|Treatments||P (mg kg-1)|
Table 3: Soil available phosphorus (P) concentration as impacted by no tillage vs conventional tillage under three rotation systems at the soil surface (0-15 cm).
Available P concentrations differed significantly among all of the three crop rotations. For example, its concentration under the 2-yearrotation of 236 mg kg-1 was significantly higher than that under the 3-year-rotation of 211 mg kg-1, which was higher than that of 172 mg kg-1 under the 4-year-rotation (Figure 3B), similar results were found in Canada , Across the years of the experiment under NT and for the 4-year-rotation, P concentration under NT significantly decreased from 1991 to 1997, but significantly increased in both 2002 and 2004 (Table 4). However, in the 2 and 3-year-rotations under NT, available P concentration generally increased from 1991 to 2004 (Table 4). In contrast, available P concentration generally increased from the beginning of the experiment to 2004 under NT and CT in both the 2 and 3-year-rotations (Table 4). Data in Table 4 under NT revealed that there was almost no significant difference in available P concentrations under all of the three crop rotations. However, under CT, available P concentrations under the 4-year-rotation were significantly lower compared with those under the other two crop rotations (Table 4), which could be attributed to the higher demand of P for the  under the 4-year-rotation than that under the other two crop rotations.
|Treatments||P (mg kg-1)|
Table 4: Soil available phosphorus (P) concentrations as impacted by crop rotations under no tillage and conventional tillage at the soil surface layer (0-15 cm).
Tillage and crop rotations impacts on soil nitrate (NO3- -N)
In general, averaged across all of the years, the nitrate (NO3- ) concentrations for the soil surface (0-15 cm) under the two tillage systems were not significantly different (Figure 4A). Similarly, from 1991 to 2004, nitrate concentrations under NT for the same crop rotation were not significantly different. Nitrate concentration in 1995, however, was significantly lower than those in the other years, which could be due to the very wet weather in 1995, which caused a delay in planting all of the crops as well as leaching NO3- from the surface layer of the soil (Table 5). Although SOM concentration under CT significantly increased from 1991 to 1995, nitrate concentration significantly decreased from 1991 to 1995 (Tables 1 and 5). This opposite relation could be attributed to the nitrate downward movement under CT (especially during the very wet weather in 1995). Generally, in each separate year under all of the crop rotations, nitrate concentrations under NT were not significantly different from those under CT (Table 5). Overall, CT exhibited higher but not significantly different NO3- concentrations than those under NT , which could be ascribed to the higher rate of decomposing SOM, which released more nitrate under CT compared with NT.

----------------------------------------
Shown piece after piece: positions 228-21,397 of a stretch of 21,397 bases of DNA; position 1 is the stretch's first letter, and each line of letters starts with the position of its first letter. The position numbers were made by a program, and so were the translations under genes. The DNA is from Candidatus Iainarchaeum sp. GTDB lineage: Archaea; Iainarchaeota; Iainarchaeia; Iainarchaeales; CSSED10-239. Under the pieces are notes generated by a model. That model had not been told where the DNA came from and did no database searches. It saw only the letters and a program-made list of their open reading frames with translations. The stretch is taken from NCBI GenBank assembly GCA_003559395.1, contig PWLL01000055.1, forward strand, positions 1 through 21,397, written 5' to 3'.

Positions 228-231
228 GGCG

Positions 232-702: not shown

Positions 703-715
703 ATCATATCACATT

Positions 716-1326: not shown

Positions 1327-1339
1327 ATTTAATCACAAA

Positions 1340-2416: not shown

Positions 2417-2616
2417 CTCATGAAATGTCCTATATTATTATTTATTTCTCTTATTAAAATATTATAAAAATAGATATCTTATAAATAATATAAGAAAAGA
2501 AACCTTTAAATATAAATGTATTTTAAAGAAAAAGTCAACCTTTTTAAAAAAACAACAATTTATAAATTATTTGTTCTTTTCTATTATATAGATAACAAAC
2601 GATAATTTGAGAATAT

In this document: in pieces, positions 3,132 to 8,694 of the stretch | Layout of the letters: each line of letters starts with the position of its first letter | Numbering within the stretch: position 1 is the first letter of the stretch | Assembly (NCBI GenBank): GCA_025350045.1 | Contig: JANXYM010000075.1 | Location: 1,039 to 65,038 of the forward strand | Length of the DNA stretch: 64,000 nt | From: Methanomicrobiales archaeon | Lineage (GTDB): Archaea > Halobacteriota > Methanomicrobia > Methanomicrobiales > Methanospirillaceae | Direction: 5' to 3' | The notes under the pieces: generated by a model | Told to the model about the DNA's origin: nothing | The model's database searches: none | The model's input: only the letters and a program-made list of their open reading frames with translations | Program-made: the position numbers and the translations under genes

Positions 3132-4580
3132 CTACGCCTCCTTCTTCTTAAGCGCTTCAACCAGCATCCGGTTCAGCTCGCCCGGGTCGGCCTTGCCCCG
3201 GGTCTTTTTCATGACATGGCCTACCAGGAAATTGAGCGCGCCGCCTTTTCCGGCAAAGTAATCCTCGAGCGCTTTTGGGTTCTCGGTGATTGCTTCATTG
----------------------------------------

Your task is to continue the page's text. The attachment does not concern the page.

|Treatments||NO3- (kg ha-1)|
Table 5: Soil nitrate (NO3-) Concentration differences between no tillage and conventional tillage under three rotation systems for the soil surface layer (0-15 cm).
Generally, nitrate concentrations were significantly different among all of the applied three crop rotations (Figure 4B). For example, NO3- concentration in the 4-year-rotation of 18 kg ha-1 was significantly higher than that of 16 kg ha-1 in the 3-year-roatation, which was significantly higher than that of 15 kg ha-1 in the 2-year rotation of (Figure 4B). Such a trend could be attributed to the narrow C/N ratio in the legumes – soybean and alfalfa – in the 4-yearrotation which caused faster decomposition of SOM and released more nitrate [35-37]. Similarly, in each separate year, under the NT system, nitrate concentrations in the 4-year-rotation were significantly higher than those under the other two rotations Table 6 which also could be attributed to the narrow C/N ratio in the organic materials of the leguminous crops in the 4-year-rotation. Nevertheless, nitrate concentrations under CT were almost not significantly different among the three crop rotation systems (Table 6).
|Treatments||NO3- (kg ha-1)|
Table 6: Soil nitrate (NO3-) concentrations as impacted by crop rotations under no tillage and conventional tillage at the soil surface layer (0-15 cm).
Tillage and crop rotations impacts on soil potassium